Much like their TD Garden co-inhabitants, the Bruins, the past decade for the Celtics has seen both the lowest of lows and the highest of highs.
But as rough as it was for the Green and their fans to suffer through the struggles of the early and middle two-thousand-aughts, the title-winning squad in 2008 made all that toiling worthwhile. As such, you'll notice a definitively recent slant to the Celtics team of the 2000s.
As the decade draws to a close, we look back on the top Celtics players at each position.
Point guard: Rajon Rondo Shooting guard: Ray Allen
It's tough to start off an all-decade team with a guy who's only been in the league for 3 1/2 seasons, but he's been the best the C's have had in 10 years, plain and simple. His potential has yet to be fully realized, yet his stats dwarf those of Anderson and Welsch, especially his rebounding and assists. And he started 77 games (not to mention 26 more in the playoffs) as a 21-year-old, second-year point guard for a championship-winning team back in 2007-08. Despite his short professional career, Rondo already has put together some pretty solid credentials.
Honorable mention: Kenny Anderson, Jiri Welsch
Honorable mention: Ricky Davis, Delonte West
Shooting guard: Ray Allen
Small forward: Paul Pierce
Outside of New England, The Truth has never been considered a true NBA superstar. But the 12-year veteran out of Kansas is unquestionably the face — and MVP — of the Celtics' decade. He's been reliable — playing 79 games or more every season this decade except for one — and a reliable scorer, averaging 22.7 points per game over the course of his storied career. As his career has progressed, he's even turned himself into an indispensable contributor on the defensive end. Yes, Antoine Walker was a big-time scorer in Boston for seven years, but Pierce wins this debate going away.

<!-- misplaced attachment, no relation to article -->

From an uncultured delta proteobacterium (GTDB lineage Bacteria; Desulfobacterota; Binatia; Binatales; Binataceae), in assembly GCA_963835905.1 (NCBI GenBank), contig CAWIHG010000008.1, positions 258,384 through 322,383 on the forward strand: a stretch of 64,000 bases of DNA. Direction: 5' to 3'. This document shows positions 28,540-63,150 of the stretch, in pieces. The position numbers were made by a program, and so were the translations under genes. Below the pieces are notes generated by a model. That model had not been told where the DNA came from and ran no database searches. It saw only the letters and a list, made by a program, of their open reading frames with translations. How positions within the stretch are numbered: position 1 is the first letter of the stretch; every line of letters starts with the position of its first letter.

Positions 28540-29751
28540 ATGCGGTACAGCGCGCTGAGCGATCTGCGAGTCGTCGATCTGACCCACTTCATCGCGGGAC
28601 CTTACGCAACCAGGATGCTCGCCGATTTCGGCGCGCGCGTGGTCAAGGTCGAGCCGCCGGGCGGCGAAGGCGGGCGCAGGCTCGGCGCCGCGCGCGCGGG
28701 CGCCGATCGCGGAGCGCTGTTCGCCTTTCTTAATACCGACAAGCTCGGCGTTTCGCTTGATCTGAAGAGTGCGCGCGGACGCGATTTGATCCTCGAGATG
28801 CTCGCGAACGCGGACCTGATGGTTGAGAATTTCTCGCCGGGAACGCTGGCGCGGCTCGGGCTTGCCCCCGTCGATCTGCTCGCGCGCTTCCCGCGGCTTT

Honorable mention: Antoine Walker, Wally Szczerbiak
Power forward: Kevin Garnett
This is only the third season the Big Ticket has been in Boston, but it's hard to overstate the influence the 6-foot-11 warrior has had both on his teammates and on the franchise as a whole. It was the 7-for-1 deal in the summer of 2007 that turned the franchise around and set it on the track to win title No. 17. The 12-time All-Star, Olympic gold medalist and former defensive player of the year and league MVP has fought through several bothersome injuries since coming to Boston at age 31, but if he is able to come back successfully from a recent thigh bruise and a knock to the head on Friday, the C's should be in the running for a second NBA crown in three years. As KG himself once said, "Anything's possiblllllllllllllle!"
Honorable mention: Al Jefferson, Raef LaFrentz
Center: Kendrick Perkins
It's a tough call between Perk and Mark Blount. Both spent about six seasons in the green. Both steadily improved their scoring touch as their careers have gone on. And both served as steady, big bodies down low with more skilled teammates around them on the perimeter. Where Perkins gets the edge is in rebounding and in his defensive capability. He's a better shot-blocker and one-on-one, physical defender than Blount ever was. Oh, and that ring doesn't hurt his case, either.
Honorable mention: Mark Blount, Vitaly Potapenko
Coach: Doc Rivers
OK, so Rick Pitino, Jim O'Brien and John Carroll didn't have a chance. Rivers, a former player for the Hawks, Clippers, Knicks and Spurs, came on board for the Green in 2004 (after winning the 2000 NBA Coach of the Year award with the Magic). Known for his defense as a player, Doc has emphasized it as a coach as well and has had the talent to make it work, leading the C's to their title in 2007-08.
For more Boston teams of the decade, check out:
Monday, Dec. 28: Boston Bruins
Wednesday, Dec. 30: New England Patriots
Thursday, Dec. 31: Boston Red Sox
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